Small Press – The Author People, originally posted on Australian Women Writers Challenge Blog

The latest in my series on small presses, including a little taste of my chat with Lou Johnson at the book launch for A Reluctant Warrior by Kelly Brooke Nicholls. I hope my review of Kelly’s book will follow soon.

Lou Johnson founded The Author People and is located in the same offices as Murdoch Books and Allen and Unwin. She is currently in the role of Publishing Director at Murdoch Books as well as running The Author People – so Lou has a lot on her plate! With a long career in publishing that…

via Small Publisher Spotlight: The Author People — Australian Women Writers Challenge Blog

Booktopia

Sky by Ondine Sherman

SKY-final-257PX-194x300.pngTitle: Sky

Author: Ondine Sherman

Genre: YA

Publisher: The Author People

Published: 28th June, 2017

Format: Paperback

Pages: 166

Price: $18.99

Synopsis: Sometimes you have to lose everything to find yourself.

After her mother’s death, Sky leaves her city life to move in with her aunt and uncle in a small Australian town. But the city isn’t all that she leaves behind. Trying to fit in with her new friends means doing things she never dreamt she’d do.

Just as she thinks everything is starting to feel normal, Sky stumbles on a case of animal cruelty that forces her to make some tough decisions.

Will Sky risk everything to stand up for what she believes in?

~*~

After the death of her mother, and removal to a small country town from the city, Sky is left with an empty, desolate feeling, a sense of disconnect from everyone and everything, including her aunt and uncle who have taken her in as guardians, and the sensation that she is losing her identity, and who she is, as well as her convictions about animal rights, and being vegan. Terrified of the isolation that comes with being a teenager and the new girl in school, Sky hides what she is passionate about in an attempt to fit in, and get in with the popular crowd – something that many teenagers feel during the turbulent years where they can sacrifice any part of themselves – interests, convictions, beliefs – in an attempt to fit in. Sky is torn between doing the right thing – staying true to herself and befriending Lucy, a less popular girl, but one who shares Sky’s passions – and joining in with the popular crowd, which means becoming a hypocrite.

aww2017-badgeAs well as this, Sky has been interacting online with a fellow vegan, and a boy at school who is also a devoted animal lover – could they be the same? This love story evolves as the story goes on, and does not dominate Sky’s thoughts – she is in mourning and the evolution of the story reflects this, and the reader’s ability to pause and think about these issues, but also, gives them the freedom to make their own choices as well.

Ondine Sherman has written a novel that reflects her beliefs but also reflects the nature of humans and the contradictions and challenges they face after death and in new places, and within themselves. Whilst Sky does speak a lot about being vegan and animal cruelty, rather than trying to convert the reader, Sherman shows one aspect of the fight for animal rights, and she does it well. With an open ending, leaving much to the imagination of the reader, I found that this worked for Sky and her story, and left off in a place where, like many people, she was left in a state of indecision.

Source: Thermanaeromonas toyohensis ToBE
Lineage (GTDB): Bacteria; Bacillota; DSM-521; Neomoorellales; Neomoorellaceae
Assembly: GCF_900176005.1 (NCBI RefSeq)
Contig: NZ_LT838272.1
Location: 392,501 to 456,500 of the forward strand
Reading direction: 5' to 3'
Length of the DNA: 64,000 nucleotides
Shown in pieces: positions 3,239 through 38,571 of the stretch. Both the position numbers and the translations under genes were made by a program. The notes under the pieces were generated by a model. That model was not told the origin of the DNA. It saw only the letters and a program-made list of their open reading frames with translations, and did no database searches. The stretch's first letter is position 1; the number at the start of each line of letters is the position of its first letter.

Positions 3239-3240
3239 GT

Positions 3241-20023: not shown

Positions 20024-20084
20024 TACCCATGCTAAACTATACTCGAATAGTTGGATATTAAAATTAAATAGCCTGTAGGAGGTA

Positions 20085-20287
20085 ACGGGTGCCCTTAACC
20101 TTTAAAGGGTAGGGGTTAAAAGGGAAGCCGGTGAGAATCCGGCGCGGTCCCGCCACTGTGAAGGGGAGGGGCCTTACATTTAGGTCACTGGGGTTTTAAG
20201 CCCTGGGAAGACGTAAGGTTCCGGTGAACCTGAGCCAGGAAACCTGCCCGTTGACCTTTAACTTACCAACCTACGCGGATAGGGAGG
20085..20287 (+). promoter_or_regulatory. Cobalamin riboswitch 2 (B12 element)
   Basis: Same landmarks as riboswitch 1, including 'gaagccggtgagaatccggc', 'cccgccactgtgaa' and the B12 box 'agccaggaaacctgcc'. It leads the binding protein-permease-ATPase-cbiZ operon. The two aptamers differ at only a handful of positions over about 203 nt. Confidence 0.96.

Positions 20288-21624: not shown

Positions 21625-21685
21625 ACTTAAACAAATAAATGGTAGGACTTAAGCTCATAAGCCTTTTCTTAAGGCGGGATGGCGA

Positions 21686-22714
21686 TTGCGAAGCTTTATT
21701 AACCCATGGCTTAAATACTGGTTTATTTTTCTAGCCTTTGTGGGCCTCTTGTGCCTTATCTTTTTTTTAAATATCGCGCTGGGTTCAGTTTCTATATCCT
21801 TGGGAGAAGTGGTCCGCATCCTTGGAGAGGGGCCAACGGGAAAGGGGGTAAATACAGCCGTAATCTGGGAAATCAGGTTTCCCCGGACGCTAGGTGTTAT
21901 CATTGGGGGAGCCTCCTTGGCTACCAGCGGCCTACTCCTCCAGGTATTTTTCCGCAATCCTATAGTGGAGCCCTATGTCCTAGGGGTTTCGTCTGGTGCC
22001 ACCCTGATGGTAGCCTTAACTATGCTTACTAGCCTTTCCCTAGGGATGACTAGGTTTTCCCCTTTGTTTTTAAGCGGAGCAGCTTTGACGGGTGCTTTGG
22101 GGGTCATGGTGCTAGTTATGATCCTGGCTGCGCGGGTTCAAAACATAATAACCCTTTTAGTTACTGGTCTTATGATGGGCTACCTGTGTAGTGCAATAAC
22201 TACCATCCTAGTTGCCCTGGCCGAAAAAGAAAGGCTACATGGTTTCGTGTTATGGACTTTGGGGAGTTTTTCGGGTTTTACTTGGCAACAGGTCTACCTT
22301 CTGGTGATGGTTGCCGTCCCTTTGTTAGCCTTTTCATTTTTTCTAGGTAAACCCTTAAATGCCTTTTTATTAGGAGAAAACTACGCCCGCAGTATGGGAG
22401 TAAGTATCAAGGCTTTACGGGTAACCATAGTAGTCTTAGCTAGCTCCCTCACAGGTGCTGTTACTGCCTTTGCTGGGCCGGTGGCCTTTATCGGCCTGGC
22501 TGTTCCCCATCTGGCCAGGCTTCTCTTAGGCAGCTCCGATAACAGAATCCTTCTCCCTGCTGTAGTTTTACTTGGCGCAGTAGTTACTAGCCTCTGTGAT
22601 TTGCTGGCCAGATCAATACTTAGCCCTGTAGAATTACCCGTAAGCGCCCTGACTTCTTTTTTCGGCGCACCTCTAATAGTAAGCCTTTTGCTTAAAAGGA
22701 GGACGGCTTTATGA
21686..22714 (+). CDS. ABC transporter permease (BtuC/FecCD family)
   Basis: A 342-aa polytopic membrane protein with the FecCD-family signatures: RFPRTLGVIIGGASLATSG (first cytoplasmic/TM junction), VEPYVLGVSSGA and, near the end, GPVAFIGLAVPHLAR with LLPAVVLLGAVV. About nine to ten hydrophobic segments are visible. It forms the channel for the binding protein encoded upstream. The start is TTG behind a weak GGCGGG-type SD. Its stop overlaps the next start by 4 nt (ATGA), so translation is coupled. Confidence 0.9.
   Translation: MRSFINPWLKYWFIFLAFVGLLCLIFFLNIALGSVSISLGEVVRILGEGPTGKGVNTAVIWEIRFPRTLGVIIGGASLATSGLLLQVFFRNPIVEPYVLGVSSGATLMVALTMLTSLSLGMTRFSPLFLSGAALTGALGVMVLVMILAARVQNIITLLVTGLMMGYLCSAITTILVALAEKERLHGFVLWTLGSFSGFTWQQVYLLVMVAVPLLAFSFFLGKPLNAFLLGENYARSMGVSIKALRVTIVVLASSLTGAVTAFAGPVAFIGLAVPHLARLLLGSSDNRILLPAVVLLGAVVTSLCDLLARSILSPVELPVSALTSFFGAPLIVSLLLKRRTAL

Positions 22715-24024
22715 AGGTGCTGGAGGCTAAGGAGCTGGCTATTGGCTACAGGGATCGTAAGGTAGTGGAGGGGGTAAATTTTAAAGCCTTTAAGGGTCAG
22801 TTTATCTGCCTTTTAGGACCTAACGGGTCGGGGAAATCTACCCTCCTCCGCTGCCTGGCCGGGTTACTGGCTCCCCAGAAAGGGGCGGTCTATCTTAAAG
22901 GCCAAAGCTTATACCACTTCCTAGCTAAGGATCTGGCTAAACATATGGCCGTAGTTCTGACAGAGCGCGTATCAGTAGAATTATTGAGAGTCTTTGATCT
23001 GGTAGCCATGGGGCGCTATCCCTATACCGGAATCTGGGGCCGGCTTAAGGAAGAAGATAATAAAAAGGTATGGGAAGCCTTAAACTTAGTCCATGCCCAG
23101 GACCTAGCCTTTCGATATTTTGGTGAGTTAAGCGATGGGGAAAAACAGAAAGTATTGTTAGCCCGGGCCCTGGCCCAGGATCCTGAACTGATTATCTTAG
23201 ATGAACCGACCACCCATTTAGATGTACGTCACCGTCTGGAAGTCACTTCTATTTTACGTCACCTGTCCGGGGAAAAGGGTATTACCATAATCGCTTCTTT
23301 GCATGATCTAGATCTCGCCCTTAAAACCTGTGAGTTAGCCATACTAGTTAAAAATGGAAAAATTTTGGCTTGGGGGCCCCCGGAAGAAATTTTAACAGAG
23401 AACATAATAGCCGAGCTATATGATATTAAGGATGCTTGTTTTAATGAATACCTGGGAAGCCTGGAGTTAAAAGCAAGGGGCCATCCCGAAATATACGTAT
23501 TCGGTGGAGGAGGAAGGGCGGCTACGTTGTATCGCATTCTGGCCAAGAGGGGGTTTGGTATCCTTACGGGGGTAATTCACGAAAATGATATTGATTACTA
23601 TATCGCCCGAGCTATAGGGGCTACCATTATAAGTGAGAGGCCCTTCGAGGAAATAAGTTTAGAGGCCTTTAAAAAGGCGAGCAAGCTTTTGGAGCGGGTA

Starting this novel, I wasn’t sure if I would connect with it or enjoy it, but found that like any novel, it had good points and bad points, and it is a powerful story about finding out who you are, and staying true to yourself, finding a family and finding friends who will always stand by you. At times I did find Sky annoying, but the popular girls were more annoying, and I did like that Sky stood up for what she believed in but at the same time, I also felt that she accepted that not everyone would agree with her all the time.

The power of this novel lies in its ability to communicate a message about what the author believes but also, a general message about being who you are. It may not be one I will revisit right away, but it was an unexpected and interesting read that had a story behind the story, and that fits in with the philosophy of The Author People and Lou Johnson.

Booktopia – Free Shipping!

Booktopia

Beauty in Thorns by Kate Forsyth

BeautyinThorns_CoverTitle: Beauty in Thorns

Author: Kate Forsyth

Genre: Historical Fiction

Publisher: Penguin Random House/Vintage

Published: 3rd of July 2017

Format: Paperback

Pages: 465

Price: $32.99

Synopsis: A spellbinding reimagining of ‘Sleeping Beauty’ set amongst the wild bohemian circle of Pre-Raphaelite artists and poets.

The Pre-Raphaelites were determined to liberate art and love from the shackles of convention. 

Ned Burne-Jones had never had a painting lesson and his family wanted him to be a parson. Only young Georgie Macdonald – the daughter of a Methodist minister – understood. She put aside her own dreams to support him, only to be confronted by many years of gossip and scandal.